Getting there

Getting there

Saturday, January 22, 2011

On Dublin Pubs and Memories

There is a pub on Merrion Row in Dublin called O'Donoghue's. If you've been to Dublin then surely you've been there. If you've been to Dublin and not been through that door then I'm afraid you need to return immediately and do exactly that, because you've rather missed the point of Irish pubs if you've neglected to visit O'Donoghue's. O'Donoghue's has been around since 1934, and is considered one of the homes of traditional Irish music, and  Irish musicians play there nightly.

Now, that's the dry, understated version of what this pub is. What can't be said but can only be experienced is being inside this pub. I recently enjoyed a couple nights there, and those memories will forever be with me, stamped in my mind indelibly. That sounds rather grandiose for a small Irish pub, doesn't it? It seems non-descript enough from the front, and when you go inside it's no more fancy than any other Irish pub - a bar, some stools and tables, and some pictures on the walls (the pictures are of musicians who have visited the pub, from The Dubliners to more recent, more famous in North America, names). But it's not the decor that makes this pub, and the booze is booze you can get anywhere. No, what makes this pub what it is is the people inside it.

The first night we visited we opened the door and realized the front room was already quite full, and a small group of musicians was already at play. We decided to head further back, and settled on a table in the back room. Soon a tall redheaded man sat at the table next to us, and we began to chat a bit, as you do in pubs. He introduced himself as Connor, and indicated that the music would be starting soon (never letting on that he was part of the music). Two other musicians arrived, with guitar and banjo in tow, and after settling in the music began. You see, in this kind of pub the musicians don't stand on a stage and play for you - they sit at the table beside you, and play to you, and occasionally play with you. They played and sang many traditional Irish melodies - "Rocky Road to Dublin", "The Auld Triangle", and others (if you've ever been to a North American St. Patrick's Day party you may have heard these tunes). It was quite an experience, and for me brought back many memories as this was how I first experienced music, when my father and his family would sit in our basement and play guitars, banjos, and accordians, with music flowing more freely from them as the rye flowed into them. The musicians in Dublin weren't playing "You Are My Sunshine", but the feel was exactly the same. That night we left rather early, having another day of touring ahead of us, but the musicians encouraged us to return two nights later when they would also be back, and we said we would certainly consider doing so.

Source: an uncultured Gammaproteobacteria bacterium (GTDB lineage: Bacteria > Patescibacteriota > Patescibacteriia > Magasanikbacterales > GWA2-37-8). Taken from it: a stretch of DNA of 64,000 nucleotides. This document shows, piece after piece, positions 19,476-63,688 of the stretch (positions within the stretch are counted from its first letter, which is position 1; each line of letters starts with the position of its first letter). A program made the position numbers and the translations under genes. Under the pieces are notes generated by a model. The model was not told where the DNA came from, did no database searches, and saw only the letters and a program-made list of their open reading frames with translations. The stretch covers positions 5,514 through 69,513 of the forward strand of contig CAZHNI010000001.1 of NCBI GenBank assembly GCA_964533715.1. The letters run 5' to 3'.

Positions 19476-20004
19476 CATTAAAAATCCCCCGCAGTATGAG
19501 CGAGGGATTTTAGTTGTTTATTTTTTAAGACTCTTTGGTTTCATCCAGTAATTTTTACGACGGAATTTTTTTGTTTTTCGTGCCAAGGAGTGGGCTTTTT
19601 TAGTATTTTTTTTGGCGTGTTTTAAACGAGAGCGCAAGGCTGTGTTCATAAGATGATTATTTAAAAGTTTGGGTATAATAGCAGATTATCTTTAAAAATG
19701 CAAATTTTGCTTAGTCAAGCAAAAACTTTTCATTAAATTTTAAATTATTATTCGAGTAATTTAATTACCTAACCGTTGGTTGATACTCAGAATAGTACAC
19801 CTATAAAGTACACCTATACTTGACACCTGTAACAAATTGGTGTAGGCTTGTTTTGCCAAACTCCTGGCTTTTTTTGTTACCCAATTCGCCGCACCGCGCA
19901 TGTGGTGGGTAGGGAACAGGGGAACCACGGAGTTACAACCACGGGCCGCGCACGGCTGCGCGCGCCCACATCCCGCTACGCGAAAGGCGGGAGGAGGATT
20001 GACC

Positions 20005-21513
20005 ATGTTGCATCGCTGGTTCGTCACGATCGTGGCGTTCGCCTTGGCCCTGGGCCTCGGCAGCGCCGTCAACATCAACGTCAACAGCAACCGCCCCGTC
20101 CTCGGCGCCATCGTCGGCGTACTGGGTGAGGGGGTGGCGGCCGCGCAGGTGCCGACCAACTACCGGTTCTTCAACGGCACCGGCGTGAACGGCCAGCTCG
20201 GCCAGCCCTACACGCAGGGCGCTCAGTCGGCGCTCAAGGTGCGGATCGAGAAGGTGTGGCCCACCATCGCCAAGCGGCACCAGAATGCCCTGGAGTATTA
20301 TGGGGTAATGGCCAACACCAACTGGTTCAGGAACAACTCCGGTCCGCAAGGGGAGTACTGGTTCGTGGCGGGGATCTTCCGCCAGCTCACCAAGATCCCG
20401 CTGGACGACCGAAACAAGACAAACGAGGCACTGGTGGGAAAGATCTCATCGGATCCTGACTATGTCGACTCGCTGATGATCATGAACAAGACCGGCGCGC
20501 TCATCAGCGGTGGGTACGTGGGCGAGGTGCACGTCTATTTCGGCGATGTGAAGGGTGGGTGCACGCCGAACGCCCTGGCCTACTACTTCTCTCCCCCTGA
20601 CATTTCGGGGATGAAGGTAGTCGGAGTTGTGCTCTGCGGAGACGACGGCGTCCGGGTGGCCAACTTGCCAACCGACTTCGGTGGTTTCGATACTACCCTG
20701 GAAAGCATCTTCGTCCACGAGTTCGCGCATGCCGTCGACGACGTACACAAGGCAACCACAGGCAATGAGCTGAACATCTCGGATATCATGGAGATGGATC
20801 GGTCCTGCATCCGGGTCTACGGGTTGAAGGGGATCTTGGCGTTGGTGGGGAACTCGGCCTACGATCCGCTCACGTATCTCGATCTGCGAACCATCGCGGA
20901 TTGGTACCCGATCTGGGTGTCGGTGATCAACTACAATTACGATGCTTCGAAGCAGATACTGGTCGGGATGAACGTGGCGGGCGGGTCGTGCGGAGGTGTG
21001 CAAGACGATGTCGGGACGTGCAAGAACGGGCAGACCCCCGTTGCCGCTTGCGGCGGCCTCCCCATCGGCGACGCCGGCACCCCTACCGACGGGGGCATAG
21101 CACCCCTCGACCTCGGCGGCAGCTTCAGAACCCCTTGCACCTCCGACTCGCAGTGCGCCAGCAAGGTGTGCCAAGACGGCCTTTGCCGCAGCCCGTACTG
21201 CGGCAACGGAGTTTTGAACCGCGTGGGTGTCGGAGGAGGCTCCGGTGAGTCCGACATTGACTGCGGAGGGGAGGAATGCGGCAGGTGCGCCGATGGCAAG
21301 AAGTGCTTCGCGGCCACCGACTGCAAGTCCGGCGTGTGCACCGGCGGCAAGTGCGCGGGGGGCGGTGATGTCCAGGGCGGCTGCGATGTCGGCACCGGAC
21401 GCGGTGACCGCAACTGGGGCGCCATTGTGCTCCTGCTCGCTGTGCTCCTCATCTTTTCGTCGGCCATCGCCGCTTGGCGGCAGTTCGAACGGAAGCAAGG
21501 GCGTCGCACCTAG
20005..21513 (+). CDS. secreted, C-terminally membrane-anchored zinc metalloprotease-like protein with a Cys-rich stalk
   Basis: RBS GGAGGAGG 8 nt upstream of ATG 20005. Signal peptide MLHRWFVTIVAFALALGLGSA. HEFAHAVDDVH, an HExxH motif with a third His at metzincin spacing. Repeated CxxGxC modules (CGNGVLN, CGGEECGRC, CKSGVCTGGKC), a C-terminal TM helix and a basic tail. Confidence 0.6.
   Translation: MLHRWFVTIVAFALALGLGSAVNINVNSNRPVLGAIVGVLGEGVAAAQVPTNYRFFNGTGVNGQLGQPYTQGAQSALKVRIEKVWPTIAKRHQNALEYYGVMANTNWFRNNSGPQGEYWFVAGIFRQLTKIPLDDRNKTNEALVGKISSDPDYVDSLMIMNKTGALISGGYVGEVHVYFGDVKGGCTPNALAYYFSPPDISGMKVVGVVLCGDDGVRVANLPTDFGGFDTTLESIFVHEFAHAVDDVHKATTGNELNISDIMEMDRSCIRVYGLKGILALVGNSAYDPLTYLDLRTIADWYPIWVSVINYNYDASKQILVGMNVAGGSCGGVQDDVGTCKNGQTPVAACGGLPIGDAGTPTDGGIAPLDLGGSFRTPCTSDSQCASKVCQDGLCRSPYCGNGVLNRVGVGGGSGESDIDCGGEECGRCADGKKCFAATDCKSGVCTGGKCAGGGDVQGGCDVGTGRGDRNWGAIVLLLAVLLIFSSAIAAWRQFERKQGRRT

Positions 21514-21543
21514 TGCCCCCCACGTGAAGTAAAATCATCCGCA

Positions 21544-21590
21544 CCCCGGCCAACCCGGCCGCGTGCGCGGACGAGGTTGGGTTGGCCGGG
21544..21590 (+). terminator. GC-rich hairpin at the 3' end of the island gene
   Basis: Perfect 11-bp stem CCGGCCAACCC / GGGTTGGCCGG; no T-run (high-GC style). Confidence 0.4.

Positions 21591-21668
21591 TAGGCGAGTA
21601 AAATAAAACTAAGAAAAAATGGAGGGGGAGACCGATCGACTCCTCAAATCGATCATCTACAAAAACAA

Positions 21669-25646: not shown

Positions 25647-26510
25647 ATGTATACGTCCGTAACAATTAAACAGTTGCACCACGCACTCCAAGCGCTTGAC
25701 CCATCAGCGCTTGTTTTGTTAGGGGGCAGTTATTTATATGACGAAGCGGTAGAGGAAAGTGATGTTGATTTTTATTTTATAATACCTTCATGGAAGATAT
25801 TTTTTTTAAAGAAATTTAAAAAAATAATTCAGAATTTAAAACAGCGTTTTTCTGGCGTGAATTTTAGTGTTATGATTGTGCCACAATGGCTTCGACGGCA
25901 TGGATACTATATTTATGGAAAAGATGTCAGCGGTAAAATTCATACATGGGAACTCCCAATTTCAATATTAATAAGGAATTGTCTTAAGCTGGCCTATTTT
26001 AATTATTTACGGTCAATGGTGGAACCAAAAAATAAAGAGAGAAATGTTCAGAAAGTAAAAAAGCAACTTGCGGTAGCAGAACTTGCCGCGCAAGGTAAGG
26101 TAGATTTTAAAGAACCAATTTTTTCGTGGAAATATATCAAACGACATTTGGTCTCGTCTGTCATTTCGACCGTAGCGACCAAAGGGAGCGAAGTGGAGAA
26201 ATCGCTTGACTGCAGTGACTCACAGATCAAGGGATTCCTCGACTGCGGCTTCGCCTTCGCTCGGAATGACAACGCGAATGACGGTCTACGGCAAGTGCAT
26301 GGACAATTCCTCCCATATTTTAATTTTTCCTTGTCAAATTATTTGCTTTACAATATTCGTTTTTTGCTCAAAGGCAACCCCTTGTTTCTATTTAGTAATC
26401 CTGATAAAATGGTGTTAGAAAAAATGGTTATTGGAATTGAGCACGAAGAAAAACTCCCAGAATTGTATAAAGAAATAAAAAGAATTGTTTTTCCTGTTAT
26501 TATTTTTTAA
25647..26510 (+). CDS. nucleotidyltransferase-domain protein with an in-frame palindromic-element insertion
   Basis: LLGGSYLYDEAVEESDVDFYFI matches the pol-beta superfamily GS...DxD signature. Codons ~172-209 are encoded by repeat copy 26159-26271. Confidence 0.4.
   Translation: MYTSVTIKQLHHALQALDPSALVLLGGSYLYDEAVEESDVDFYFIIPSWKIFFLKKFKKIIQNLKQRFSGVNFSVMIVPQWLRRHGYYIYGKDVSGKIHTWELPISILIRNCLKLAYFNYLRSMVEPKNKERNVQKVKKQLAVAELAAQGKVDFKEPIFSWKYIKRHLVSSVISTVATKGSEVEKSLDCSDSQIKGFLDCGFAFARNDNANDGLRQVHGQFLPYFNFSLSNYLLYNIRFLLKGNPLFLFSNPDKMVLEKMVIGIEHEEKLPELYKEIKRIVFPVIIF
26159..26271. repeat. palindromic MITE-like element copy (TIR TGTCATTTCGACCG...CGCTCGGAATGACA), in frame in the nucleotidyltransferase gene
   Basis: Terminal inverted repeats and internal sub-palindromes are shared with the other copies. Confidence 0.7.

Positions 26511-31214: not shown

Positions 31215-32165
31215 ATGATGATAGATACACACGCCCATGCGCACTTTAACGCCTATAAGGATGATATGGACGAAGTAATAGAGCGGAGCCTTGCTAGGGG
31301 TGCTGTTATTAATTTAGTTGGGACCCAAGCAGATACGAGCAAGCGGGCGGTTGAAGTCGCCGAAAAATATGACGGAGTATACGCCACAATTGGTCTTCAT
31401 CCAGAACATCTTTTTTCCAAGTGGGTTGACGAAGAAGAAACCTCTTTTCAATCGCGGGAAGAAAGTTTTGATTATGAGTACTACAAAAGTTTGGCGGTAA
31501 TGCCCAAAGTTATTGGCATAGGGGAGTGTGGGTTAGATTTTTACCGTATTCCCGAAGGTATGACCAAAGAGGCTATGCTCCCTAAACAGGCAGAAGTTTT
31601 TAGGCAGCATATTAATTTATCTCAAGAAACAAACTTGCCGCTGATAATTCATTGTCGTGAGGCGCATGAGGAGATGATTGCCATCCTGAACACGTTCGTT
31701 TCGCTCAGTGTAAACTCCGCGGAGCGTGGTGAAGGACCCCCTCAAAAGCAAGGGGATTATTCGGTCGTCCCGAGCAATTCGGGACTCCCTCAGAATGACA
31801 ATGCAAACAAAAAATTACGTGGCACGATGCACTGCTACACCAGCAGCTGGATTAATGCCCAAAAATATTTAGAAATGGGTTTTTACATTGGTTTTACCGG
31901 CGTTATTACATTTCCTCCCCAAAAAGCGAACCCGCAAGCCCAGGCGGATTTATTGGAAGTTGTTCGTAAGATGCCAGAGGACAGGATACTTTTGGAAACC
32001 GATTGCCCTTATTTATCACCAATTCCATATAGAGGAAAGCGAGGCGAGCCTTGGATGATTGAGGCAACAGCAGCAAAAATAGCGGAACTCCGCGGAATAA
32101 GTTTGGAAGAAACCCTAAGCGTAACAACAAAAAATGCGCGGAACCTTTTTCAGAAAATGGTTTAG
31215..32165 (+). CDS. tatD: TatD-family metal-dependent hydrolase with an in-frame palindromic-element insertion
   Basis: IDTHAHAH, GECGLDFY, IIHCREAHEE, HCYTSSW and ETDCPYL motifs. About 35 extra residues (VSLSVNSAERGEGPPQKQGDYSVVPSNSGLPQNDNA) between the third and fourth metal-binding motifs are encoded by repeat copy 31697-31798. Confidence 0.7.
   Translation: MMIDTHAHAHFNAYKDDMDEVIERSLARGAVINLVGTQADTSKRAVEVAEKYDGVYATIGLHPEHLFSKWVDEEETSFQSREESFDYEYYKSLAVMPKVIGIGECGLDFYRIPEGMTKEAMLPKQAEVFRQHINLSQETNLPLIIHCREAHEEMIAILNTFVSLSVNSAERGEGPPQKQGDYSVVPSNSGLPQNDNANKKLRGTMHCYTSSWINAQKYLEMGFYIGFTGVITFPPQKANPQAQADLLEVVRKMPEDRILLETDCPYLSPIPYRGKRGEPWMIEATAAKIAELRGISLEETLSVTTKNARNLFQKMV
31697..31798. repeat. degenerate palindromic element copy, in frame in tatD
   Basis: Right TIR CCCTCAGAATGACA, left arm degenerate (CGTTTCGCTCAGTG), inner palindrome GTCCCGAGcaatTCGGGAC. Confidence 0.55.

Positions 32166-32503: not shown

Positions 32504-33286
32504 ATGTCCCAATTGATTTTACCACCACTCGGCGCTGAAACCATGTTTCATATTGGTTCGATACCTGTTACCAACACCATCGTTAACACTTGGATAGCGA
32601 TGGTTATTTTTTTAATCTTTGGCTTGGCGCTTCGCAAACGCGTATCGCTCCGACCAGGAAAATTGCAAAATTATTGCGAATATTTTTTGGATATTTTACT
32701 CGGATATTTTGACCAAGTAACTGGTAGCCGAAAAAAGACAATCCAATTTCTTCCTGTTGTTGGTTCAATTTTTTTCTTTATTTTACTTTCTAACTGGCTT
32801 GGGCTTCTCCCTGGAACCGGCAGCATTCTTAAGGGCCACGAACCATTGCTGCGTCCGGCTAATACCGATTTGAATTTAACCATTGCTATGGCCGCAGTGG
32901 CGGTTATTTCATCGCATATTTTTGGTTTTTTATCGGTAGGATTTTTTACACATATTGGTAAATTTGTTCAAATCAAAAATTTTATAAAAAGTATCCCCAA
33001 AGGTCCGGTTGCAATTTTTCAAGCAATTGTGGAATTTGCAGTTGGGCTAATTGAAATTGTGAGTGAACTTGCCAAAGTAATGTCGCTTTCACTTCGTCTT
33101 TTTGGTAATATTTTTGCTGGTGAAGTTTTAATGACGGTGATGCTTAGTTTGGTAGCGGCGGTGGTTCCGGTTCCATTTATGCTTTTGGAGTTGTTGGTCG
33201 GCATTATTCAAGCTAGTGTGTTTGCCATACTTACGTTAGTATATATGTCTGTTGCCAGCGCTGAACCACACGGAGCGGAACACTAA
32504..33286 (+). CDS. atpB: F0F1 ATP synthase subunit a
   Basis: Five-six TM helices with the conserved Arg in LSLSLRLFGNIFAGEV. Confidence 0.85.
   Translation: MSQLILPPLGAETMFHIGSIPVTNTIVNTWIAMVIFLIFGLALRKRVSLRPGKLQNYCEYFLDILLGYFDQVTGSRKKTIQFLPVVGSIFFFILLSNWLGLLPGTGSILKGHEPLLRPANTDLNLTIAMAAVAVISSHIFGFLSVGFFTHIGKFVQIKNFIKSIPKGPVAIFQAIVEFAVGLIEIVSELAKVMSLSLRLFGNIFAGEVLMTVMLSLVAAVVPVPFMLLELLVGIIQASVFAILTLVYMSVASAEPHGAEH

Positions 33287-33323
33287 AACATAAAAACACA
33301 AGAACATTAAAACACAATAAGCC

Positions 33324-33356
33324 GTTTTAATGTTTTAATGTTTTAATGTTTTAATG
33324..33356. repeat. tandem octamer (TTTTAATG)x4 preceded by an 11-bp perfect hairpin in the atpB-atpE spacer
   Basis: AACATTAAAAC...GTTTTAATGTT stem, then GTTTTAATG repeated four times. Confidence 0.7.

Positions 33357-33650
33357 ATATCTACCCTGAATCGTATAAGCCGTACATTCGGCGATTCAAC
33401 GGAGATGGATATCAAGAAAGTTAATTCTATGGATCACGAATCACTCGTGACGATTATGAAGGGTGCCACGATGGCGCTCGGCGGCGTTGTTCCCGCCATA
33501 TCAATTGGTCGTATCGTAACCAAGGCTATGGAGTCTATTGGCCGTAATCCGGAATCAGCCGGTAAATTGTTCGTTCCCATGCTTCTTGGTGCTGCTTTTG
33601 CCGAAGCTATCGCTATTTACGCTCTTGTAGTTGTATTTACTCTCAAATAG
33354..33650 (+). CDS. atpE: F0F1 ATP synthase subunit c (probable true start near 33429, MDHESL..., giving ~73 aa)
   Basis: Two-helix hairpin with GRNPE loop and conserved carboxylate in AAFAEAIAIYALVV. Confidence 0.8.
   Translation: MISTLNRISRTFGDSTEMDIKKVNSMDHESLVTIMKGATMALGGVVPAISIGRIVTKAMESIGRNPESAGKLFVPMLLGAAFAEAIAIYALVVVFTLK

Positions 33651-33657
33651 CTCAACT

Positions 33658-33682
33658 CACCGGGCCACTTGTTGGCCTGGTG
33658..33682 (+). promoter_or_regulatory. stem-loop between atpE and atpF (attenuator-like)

Two nights later we did indeed return to O'Donoghue's. The saying goes in Irish pubs that the first time you visit you are a stranger, and the second time a regular, and this felt very true when we walked through those doors a second time. We sat down at the same table we had sat at before, and soon enough our new musical friends arrived. This time, though, there were introductions all around (including our 11-year old daughter who joined us in the pub briefly, as the joy of Irish pubs is that you can bring children in until 9 pm in winter and 10 pm in summer - is it any wonder the pub is the heart of their social life?). We had met Connor, and now we met Kieran and Tommy, who had played to us before and now would play to us again. However, this time they dedicated songs to us, their "Canadian friends", and we shared rounds of drinks and stories and laughs. I sang with them as the words to many of the songs are easy to learn and the melodies so catchy that you can't help but sing. Finally, as they began to play their final song we told them we would have to leave soon as we had an early morning flight home, and this was our final night in Ireland. After they finished there were hugs and handshakes, words of gratitude from both sides, and a strong feeling that we had connected on a very real level. They seemed genuinely sorry to see us go, and we were genuinely sorry to leave them. Suddenly, as I was about to leave, Tommy, the very quiet musician who hadn't really spoken at all, popped up and shouted across the table, loud enough for the entire pub to hear, "You're gorgeous, you are!" at me. I was flattered, and touched, and pleased beyond words. It was just the final touch of an experience I'd always remember, and a place I'd always feel at home. As we left they were enjoying their toast and sandwiches (as an Irish friend with us that night said Ireland is a wonderful place, where in pubs after the musicians finish they don't give them beer as they've likely had enough, but rather toast and sandwiches to thank them for their contributions).

I walked back to our hotel on a cloud of happiness, and satisfaction, and pure joy. It was like all my experiences in Ireland had culminated in this final moment, and it was quite utterly perfect. I left Ireland early the next morning, quite hung over after one too many gin and tonics, and entirely in love with a country, culture, and people that I'd never even before given much thought to.

So, if you ever find yourself in Dublin head straight to O'Donoghue's. If you happen to be there on a night when there are three musicians named Connor, Kieran, and Tommy, give them a quick squeeze for me and settle in for a night you'll never forget - I promise.


1 comment:

  1. I KNEW there was more to the story. Thanks so much, I really enjoyed the tale! I'm also adding O'Donoghue's to my Bucket List, LOL.